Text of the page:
Jootaek Lee, Contemporary Land Grabbing: Research Sources and Bibliography, 107 Law Libr. J. 259 (2015).
“This article investigates land grabbing and identifies the difficulties of research. Next, it delineates various mechanisms and international principles that can be useful in protecting those affected by contemporary land grabs. Finally, it selectively reviews current literature that provides useful starting points for contemporary land grabbing research.”

The Journal is available in the library (K 12 .A9364); on the website of AALL; and on HeinOnline, WestlawNext, and Lexis Advance. 

Monday, November 9, 2015

Electronic Resource of the Month: Utilizing ProQuest

Welcome to another new monthly segment, Electronic Resource of the Month! On the second week of each month we’ll be highlighting electronic resources available to Loyola Law students and faculty. We’ll be tagging these posts with appropriate tags at the bottom; you can use these tags throughout the blog to help guide your research.
Loyola Law students and faculty have access via the Law Library and the University Monroe Library to five ProQuest databases: Congressional, Legislative Insight, New York Times Historical, Dissertations and Theses, and Religion. Congressional and Legislative Insight are available via the Law Library’s Online Resources webpage; Dissertations and Theses, New York Times Historical, and Religion are available via Monroe Library’s Databases webpage. You will need to login using your Loyola username and password or use a Loyola networked computer.

Here we will be looking at Congressional and Legislative Insight, great resources for federal legislative research. Using these resources, you can find committee hearing transcripts, House and Senate documents, Congressional Research Service (CRS) Reports, and other similar legislative documents.

Congressional is better situated for browsing in order to look at multiple laws/other documents on topics. If you are looking for specific legislation, Legislative Insight may suit you better. Both databases have legislative history information, but Insight will have CRS Reports, Presidential Signing Statements, and other similar documents that are not available on Congressional. To ensure complete coverage of your topic, you may want to look at both resources.

On Congressional, you can also search for news and social media posts related to particular topics. From the homepage, you can search for social media posts including Twitter, Facebook, YouTube and other blogs written by Senators, Representatives and Federal agencies. When searching documents, a menu on the right-hand side of the document main page will list related news sources that can be accessed, either through recent news or New York Times Historical. Be cautious with these news links as they are not always directly related to the subject you are researching.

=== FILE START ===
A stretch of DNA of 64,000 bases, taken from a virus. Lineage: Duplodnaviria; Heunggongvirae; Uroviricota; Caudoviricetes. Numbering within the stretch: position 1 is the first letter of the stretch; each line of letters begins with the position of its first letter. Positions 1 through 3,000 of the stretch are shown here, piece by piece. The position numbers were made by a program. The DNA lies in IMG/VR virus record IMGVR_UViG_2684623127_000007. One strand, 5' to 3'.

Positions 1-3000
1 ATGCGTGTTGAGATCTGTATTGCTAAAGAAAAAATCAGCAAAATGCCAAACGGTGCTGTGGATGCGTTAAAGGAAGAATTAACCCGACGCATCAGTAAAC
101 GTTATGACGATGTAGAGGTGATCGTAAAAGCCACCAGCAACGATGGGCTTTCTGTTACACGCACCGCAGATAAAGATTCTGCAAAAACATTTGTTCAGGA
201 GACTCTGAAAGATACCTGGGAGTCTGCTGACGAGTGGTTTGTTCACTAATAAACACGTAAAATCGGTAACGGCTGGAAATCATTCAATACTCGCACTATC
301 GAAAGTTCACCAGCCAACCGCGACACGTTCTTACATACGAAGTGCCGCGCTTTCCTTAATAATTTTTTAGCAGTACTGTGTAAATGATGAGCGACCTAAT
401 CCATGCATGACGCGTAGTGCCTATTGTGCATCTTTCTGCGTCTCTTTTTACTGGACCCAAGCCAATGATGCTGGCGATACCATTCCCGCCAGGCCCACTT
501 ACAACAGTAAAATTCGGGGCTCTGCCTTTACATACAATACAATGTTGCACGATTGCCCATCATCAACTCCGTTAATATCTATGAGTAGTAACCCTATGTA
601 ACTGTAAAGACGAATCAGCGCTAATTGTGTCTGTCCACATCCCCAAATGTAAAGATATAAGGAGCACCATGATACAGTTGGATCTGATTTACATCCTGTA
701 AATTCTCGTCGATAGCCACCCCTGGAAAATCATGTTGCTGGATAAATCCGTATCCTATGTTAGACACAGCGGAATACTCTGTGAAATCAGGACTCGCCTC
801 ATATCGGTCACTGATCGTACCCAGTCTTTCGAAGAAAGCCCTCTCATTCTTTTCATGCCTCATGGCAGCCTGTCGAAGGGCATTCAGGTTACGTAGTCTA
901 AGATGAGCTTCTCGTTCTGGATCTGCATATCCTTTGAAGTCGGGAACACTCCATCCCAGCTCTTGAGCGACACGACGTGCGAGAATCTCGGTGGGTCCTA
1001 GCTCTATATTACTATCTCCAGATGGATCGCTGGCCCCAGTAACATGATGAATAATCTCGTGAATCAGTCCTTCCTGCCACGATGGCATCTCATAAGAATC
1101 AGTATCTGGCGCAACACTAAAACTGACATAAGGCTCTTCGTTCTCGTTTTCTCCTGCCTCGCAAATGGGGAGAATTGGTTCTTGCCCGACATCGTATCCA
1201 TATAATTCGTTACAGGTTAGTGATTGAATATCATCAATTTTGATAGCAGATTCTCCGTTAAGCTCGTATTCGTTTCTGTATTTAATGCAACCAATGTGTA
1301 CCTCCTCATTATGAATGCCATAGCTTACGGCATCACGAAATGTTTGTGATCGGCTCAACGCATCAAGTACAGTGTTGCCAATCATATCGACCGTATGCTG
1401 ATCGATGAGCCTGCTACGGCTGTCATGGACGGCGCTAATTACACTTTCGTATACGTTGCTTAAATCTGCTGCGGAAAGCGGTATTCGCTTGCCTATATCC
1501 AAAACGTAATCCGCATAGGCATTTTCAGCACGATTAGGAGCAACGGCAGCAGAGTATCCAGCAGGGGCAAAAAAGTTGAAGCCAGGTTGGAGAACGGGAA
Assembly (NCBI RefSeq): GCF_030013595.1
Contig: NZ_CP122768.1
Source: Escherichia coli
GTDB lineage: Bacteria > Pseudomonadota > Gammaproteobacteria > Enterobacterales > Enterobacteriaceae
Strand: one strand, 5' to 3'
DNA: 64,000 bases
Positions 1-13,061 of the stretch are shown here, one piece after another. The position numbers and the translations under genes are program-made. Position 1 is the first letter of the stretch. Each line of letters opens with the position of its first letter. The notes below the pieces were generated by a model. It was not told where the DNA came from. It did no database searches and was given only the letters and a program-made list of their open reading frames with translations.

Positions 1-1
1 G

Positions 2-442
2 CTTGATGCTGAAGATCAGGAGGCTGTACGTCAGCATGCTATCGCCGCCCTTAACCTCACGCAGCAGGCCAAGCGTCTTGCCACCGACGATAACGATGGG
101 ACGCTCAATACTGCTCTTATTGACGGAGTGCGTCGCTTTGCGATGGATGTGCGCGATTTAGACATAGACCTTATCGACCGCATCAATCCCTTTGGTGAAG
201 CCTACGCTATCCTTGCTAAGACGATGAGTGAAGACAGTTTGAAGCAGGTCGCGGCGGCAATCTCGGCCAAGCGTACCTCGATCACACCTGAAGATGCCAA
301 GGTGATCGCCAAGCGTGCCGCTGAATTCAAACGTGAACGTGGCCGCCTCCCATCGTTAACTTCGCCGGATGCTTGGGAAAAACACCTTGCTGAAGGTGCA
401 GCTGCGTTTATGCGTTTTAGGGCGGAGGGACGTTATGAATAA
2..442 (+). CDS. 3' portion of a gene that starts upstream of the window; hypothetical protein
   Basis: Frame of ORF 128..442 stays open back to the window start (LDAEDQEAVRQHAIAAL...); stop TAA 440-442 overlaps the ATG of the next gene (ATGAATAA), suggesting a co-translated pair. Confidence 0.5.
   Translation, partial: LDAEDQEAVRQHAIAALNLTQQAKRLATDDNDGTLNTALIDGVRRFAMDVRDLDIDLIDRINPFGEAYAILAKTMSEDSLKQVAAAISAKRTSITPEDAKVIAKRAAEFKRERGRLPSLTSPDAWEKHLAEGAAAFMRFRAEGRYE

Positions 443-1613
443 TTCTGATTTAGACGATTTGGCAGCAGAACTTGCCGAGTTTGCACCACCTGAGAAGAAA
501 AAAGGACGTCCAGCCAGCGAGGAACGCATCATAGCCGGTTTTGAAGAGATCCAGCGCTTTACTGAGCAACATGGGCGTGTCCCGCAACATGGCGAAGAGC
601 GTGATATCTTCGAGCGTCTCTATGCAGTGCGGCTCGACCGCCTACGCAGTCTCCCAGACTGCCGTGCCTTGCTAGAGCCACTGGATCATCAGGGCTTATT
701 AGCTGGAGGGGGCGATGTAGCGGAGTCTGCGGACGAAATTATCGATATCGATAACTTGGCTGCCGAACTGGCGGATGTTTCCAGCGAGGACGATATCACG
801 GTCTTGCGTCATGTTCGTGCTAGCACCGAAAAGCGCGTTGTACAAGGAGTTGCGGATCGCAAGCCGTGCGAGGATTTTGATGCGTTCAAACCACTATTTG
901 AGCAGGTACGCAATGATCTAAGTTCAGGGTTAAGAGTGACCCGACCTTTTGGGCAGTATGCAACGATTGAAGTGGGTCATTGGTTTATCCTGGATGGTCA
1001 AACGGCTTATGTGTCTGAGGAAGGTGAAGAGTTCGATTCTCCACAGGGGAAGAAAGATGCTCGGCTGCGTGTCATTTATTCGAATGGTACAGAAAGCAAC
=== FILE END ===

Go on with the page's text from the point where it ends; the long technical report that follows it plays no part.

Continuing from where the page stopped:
Bluebook Rule 12 requires that citations to official session laws include the Public Law Number and the Statute at Large citation. The main page of Legislative Insight has a Citation Checker, which will allow you to enter a Public Law Number, Statute at Large citation, or enacted bill to retrieve the equivalent citations.
The Bluebook: A Uniform System of Citation R. 12, at 121 (Columbia Law Review Ass’n et al. eds., 20th ed. 2015).

Monday, November 2, 2015

Print Resource of the Month: Guide to International Legal Research

Welcome to our new monthly segment, Print Resource of the Month! On the first week of each month we’ll be highlighting a print resource available in the Law Library. That’s a lot of books so check back often for new information. We’ll be tagging these posts with appropriate tags at the bottom; you can use these tags throughout the blog to help guide your research.

This month we’re taking a look at Guide to International Legal Research. Produced by the George Washington International Law Review, this book is a must-utilize for research on public international law, private international law, and comparative law. This guide provides a researcher with a comprehensive list of law and law-related sources to help jump-start any research concerning international law.

“[I]t provides sources that address not only relations between States, but also the relations between States and international organizations, subnational actors, and non-state actors.” 

The introduction provides an overview of sources of international law, including the traditional sources like conventions and customs, while introducing the influence of municipal courts and soft law. Chapters are arranged by geographic region – like South Asia and the Middle East – and by subject – like intellectual property and maritime law.

The two biggest strengths of this resource are the annotations providing summaries of the sources listed and the inclusion of official (or at least reputable) websites where available.

Find it in the Reference Section on the second floor of the library, KZ 1234 .G85.